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- A closely watched measure of the US dollar pushed to its highest in about a month on Thursday after a strong ADP jobs report.
- The US Dollar Index climbed past 105 for the first time since early December as the Fed is likely to stick to hiking interest rates.
- Private employment rose by 235,000 in December, blowing past an estimate of 150,000 jobs.
A key measure of the US dollar’s performance climbed to its highest in about a month Thursday after a strong private-sector jobs report raised the prospect of more rate hikes from the Federal Reserve.
The US Dollar Index popped up 1% to as much as 105.27, the highest since December 8. The dollar jumped against the euro, gaining 0.7% to buy 0.9497 euro, and it climbed against the Japanese yen, up 0.7% to fetch ¥113.68.
The “swift recovery for the dollar” also saw the greenback soar against the British pound, Fawad Razaqzada, market analyst at Forex.com, wrote in a note. The dollar surged by 1.3% against the UK currency.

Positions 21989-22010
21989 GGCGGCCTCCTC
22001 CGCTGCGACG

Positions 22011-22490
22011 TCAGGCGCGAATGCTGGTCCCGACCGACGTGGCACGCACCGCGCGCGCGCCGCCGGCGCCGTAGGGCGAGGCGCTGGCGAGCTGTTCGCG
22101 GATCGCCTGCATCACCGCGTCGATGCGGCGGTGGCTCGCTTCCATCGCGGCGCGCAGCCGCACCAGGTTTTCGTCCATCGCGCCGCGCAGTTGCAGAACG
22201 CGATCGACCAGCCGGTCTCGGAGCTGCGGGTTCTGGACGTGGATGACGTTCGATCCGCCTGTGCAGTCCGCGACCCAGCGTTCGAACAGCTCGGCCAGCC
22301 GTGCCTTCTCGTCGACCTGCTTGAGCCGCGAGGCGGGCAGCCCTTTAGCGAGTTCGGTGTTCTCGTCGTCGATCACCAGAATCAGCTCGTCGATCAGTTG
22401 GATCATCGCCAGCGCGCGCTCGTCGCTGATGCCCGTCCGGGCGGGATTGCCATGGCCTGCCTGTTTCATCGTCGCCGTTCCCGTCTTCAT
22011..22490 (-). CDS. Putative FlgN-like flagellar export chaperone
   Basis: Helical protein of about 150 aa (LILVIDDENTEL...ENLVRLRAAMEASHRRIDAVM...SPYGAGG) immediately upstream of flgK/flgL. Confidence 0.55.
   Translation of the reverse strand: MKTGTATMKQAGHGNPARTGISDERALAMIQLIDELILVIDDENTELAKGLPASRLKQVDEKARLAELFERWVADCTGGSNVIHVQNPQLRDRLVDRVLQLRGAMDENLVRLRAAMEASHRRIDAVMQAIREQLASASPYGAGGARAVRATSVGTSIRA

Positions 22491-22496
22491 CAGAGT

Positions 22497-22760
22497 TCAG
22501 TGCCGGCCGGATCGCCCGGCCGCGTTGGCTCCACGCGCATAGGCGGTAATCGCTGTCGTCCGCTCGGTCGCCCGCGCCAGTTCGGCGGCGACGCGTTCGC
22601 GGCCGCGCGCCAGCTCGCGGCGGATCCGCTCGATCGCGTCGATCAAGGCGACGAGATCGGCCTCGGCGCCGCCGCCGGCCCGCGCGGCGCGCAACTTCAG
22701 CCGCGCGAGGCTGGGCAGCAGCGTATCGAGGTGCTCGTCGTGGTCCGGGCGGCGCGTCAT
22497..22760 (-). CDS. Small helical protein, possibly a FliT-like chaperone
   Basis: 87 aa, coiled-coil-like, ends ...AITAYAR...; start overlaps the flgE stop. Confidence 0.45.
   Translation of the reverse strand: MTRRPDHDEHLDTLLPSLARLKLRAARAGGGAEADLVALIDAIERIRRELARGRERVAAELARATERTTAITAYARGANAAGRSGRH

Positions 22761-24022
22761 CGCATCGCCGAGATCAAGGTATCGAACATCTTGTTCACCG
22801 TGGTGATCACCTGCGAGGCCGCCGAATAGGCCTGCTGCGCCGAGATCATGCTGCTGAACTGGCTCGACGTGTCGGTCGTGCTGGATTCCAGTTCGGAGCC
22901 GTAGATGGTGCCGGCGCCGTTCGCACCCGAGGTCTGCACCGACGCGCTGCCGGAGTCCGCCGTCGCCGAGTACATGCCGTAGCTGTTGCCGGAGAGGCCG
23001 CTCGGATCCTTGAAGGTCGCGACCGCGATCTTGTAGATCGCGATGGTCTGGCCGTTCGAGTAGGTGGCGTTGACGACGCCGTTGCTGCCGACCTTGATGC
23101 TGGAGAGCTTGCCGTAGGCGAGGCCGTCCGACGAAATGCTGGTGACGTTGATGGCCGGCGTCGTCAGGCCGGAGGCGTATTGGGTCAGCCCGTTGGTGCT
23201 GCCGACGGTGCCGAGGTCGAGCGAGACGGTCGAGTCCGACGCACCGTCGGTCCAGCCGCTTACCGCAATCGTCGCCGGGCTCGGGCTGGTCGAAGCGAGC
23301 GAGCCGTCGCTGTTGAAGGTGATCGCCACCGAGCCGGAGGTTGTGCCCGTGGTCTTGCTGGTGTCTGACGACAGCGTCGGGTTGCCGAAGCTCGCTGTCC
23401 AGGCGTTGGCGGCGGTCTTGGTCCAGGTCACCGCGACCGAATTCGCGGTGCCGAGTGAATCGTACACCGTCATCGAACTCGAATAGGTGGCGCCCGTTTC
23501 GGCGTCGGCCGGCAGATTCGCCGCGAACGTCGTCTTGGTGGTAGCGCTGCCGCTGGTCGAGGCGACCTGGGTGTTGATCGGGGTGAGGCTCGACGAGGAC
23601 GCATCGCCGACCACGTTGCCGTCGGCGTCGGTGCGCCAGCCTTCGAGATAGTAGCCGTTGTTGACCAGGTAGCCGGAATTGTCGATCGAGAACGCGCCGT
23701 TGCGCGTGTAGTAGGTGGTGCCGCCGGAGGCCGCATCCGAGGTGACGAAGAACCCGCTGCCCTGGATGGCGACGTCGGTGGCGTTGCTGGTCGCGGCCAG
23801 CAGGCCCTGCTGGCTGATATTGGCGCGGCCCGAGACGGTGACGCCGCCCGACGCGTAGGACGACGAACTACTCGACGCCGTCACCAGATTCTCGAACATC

The rally came after ADP said private employment increased by 235,000 jobs in December. The reading outstripped a consensus estimate of 150,000 jobs in a Bloomberg survey of economists. Meanwhile, annual pay grew by 7.3% over the same period a year earlier, although slowing from 7.6% in November.
Investors after the report priced in stronger expectations that the Federal Reserve will continue raising interest rates this year, a prospect that boosts the appeal of the dollar against other currencies. The CME FedWatch tool showed a 41.9% probability the Federal Reserve will increase the fed funds rate by 50 basis points in its February 1 meeting, up from 30.3% a day prior.
The ADP report “reduced fears about a downturn in employment and has raised worries that wage inflation could accelerate further and thus provide a major source of risk in the inflation outlook,” Razaqzada said. “Accordingly, traders have pushed up their expectations for the terminal interest rates in the US,” with June fed funds futures contract implying a peak interest rate of above 5%.
For the March 22 Fed decision, the odds of a rate hike of 25 basis points rose to 37.1% from 25.1% a day ago. And for the May 2 release, the odds of a quarter-point rate hike moved up to 15% from 9.8%. Such a move would put the fed funds rate at a range of 5.25% to 5.5%.
Minutes released Wednesday from the Federal Reserve’s meeting in December showed policy makers don’t expect to start cutting interest rates in 2023, a view held by many major banks and economists who foresee a recession.
The Fed views inflation as still “unacceptably high,” the minutes showed. The Fed’s target is 2%.